Following The Law Society’s recent condemnation of the Solicitor Regulatory Authority’s (SRA) transparency reforms, The Law Society have now opposed the SRA’s plans to amend the Solicitors’ Handbook.
In a recent letter to the Legal Services Board and a press release this morning, The Law Society have argued that the ‘Looking to the Future’ reform proposals are ‘concerning.’
Furthermore, The Law Society are worried that the SRA are “pursuing two controversial proposals despite strong opposition from The Law Society and our members.”
The Law Society oppose two major amendments. Firstly, the SRA proposal to permit sole solicitors to act outside the protections of a recognised sole practice. The amendments suggest that solicitors would not be subject to entity regulation.
This amendment also implies that a freelance solicitor would be free to deliver non-reserved services, like Will writing, to the public. The draft amendment also does indicate that a freelance solicitor should have ‘adequate insurance for both reserved and non-reserved work,’ although an actual figure is not specified.
In response, The Law Society, in their letter to The Legal Services Board, have commented: “The proposal removes protections from which clients benefit if they use a regulated sole practitioner and regulated firm. For example, a regulated sole practitioner and firm must have professional indemnity insurance equivalent to the SRA’s minimum terms and conditions, and a person with three years’ practising experience, whereas a freelance solicitor would not be obliged to purchase insurance to this level, and would be free to deliver non-reserved services without prior work experience.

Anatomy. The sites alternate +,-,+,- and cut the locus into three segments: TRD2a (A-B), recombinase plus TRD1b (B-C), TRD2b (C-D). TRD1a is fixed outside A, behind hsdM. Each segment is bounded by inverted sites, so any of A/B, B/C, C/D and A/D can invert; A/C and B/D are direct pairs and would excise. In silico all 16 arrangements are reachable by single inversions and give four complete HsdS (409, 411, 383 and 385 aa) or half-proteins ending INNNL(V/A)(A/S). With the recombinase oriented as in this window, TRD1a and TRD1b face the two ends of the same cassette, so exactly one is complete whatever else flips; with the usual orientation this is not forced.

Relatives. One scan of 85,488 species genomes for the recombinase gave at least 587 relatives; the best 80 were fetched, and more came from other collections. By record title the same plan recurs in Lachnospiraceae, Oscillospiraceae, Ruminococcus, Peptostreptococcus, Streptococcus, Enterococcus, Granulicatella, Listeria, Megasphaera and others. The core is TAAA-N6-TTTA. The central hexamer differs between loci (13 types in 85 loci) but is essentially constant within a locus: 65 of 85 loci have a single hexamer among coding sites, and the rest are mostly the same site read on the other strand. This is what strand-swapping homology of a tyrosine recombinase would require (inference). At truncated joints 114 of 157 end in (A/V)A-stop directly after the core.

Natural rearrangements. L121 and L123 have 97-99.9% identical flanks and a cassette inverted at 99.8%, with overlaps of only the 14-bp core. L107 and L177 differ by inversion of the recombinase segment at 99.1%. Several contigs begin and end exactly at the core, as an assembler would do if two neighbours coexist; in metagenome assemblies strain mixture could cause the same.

“In addition, there is the lack of clarity regarding the protection of client money. The SRA proposes to restrict freelance solicitors undertaking reserved work from holding client money, but it is not clear whether similar restrictions will apply in relation to non-reserved work.
“It is unreasonable and unrealistic to expect clients to understand the difference between a recognised sole practice and a sole solicitor.”
The second major opposition made by The Law Society regards permitting solicitors to deliver non-reserved legal services from unregulated entities.
The Law Society, claim: “This proposal would remove crucial client protections, such as mandatory professional indemnity insurance, access to the compensation fund, and legal professional privilege.
“We have seen no evidence that this rule change will deliver benefits or reduce the price of legal services. At the same time, it places an unrealistic burden on clients to understand the different regulatory status of solicitors working in different entities and different models of practice.”
The Law Society have urged members to make similar objections and they have until September 4th to lodge their formal concerns with the Legal Services Board.
In a time when the SRA are trying to produce transparency of price and services, are they risking diluting standards and confusing the consumer even more? Do you share similar concerns to those expressed by The Law Society? Or, do you think that these amendments will lead to greater competition within the industry which will have a positive impact on the customer experience?